France 1709: Le Crunch
Already rocked by defeats in the War of the Spanish Succession, Louis XIV’s France faced economic meltdown as the chaotic nature of its finances became apparent. Guy Rowlands discovers striking parallels with the current credit crunch as he charts the crisis that was to lead, ultimately, to the French Revolution.
Confronted by the banking collapse and credit crunch of 2008, most commentators have sought comparisons with the Wall Street Crash of 1929, the event that heralded the Great Depression of the 1930s. But for historians inclined to delve a little further into the past, there are equally calamitous financial meltdowns from which to seek instruction. The financial crisis that troubled France in 1709, for example, has not received anything like the attention it deserves. It came at the very worst moment for Louis XIV, during the long War of the Spanish Succession, which had begun in 1701 and was to last until 1714. It was a crisis so deep that the finances of the French monarchy never recovered properly.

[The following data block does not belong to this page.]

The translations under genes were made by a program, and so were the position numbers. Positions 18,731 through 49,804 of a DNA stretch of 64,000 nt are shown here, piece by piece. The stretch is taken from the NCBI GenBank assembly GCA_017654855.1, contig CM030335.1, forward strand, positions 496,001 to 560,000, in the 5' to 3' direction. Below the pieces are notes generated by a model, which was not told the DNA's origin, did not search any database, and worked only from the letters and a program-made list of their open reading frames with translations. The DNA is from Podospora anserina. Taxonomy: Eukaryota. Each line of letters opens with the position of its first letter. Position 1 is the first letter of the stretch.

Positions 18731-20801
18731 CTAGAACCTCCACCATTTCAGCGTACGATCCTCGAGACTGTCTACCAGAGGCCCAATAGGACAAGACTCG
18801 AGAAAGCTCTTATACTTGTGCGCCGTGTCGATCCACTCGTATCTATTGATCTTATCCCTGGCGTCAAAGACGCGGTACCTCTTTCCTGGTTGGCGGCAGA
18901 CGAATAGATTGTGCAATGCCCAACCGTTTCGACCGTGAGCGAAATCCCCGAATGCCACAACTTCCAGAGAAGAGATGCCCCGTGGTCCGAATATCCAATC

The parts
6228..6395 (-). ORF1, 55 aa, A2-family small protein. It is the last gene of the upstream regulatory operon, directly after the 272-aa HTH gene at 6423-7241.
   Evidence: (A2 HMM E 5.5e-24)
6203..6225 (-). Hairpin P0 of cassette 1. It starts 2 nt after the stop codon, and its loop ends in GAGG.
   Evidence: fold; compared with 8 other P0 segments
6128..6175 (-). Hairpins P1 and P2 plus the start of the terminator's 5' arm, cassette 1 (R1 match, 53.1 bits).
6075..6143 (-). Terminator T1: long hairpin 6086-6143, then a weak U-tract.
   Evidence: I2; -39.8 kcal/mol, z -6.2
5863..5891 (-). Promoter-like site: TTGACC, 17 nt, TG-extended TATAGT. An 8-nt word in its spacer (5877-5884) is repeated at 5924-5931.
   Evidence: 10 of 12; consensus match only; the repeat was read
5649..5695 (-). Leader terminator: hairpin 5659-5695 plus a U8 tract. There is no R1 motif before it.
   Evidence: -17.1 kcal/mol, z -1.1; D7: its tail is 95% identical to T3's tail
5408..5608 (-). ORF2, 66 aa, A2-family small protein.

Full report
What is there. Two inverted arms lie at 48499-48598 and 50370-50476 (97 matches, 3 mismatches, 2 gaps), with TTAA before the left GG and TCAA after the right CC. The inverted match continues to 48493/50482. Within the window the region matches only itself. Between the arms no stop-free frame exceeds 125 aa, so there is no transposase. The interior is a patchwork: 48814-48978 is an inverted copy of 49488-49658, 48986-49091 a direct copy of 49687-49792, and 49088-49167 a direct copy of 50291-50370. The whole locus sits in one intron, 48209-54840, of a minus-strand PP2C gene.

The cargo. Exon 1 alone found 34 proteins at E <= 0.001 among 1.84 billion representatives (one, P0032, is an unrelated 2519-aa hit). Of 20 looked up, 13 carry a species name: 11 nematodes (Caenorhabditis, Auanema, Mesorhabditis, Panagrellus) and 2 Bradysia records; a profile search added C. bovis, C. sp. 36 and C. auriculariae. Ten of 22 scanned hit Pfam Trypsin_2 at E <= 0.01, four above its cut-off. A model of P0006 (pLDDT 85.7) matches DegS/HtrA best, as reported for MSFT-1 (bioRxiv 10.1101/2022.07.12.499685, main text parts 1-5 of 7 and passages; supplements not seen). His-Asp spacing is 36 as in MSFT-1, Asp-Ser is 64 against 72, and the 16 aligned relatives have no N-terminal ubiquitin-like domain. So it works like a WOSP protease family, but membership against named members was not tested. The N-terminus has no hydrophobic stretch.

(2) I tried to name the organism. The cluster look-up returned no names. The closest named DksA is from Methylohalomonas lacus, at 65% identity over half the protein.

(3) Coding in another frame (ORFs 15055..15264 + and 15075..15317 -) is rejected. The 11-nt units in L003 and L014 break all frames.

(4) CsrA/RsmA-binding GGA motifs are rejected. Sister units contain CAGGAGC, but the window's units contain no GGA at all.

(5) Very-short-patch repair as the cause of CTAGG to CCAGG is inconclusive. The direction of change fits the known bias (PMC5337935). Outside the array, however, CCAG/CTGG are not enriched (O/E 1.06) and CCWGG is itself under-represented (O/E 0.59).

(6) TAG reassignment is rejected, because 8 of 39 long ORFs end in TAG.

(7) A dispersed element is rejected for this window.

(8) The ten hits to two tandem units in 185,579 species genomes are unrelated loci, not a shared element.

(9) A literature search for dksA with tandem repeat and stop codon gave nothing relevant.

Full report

By 1709, Louis’s martial prowess was on the wane. His fleets were no longer able to put to sea and the Bourbon armies had been pushed back onto the defensive in both northern France and Castile. The dire military situation alone created a crisis of confidence, but the financial hurricane that was about to engulf France was the result of the disastrous condition of the state’s finances.
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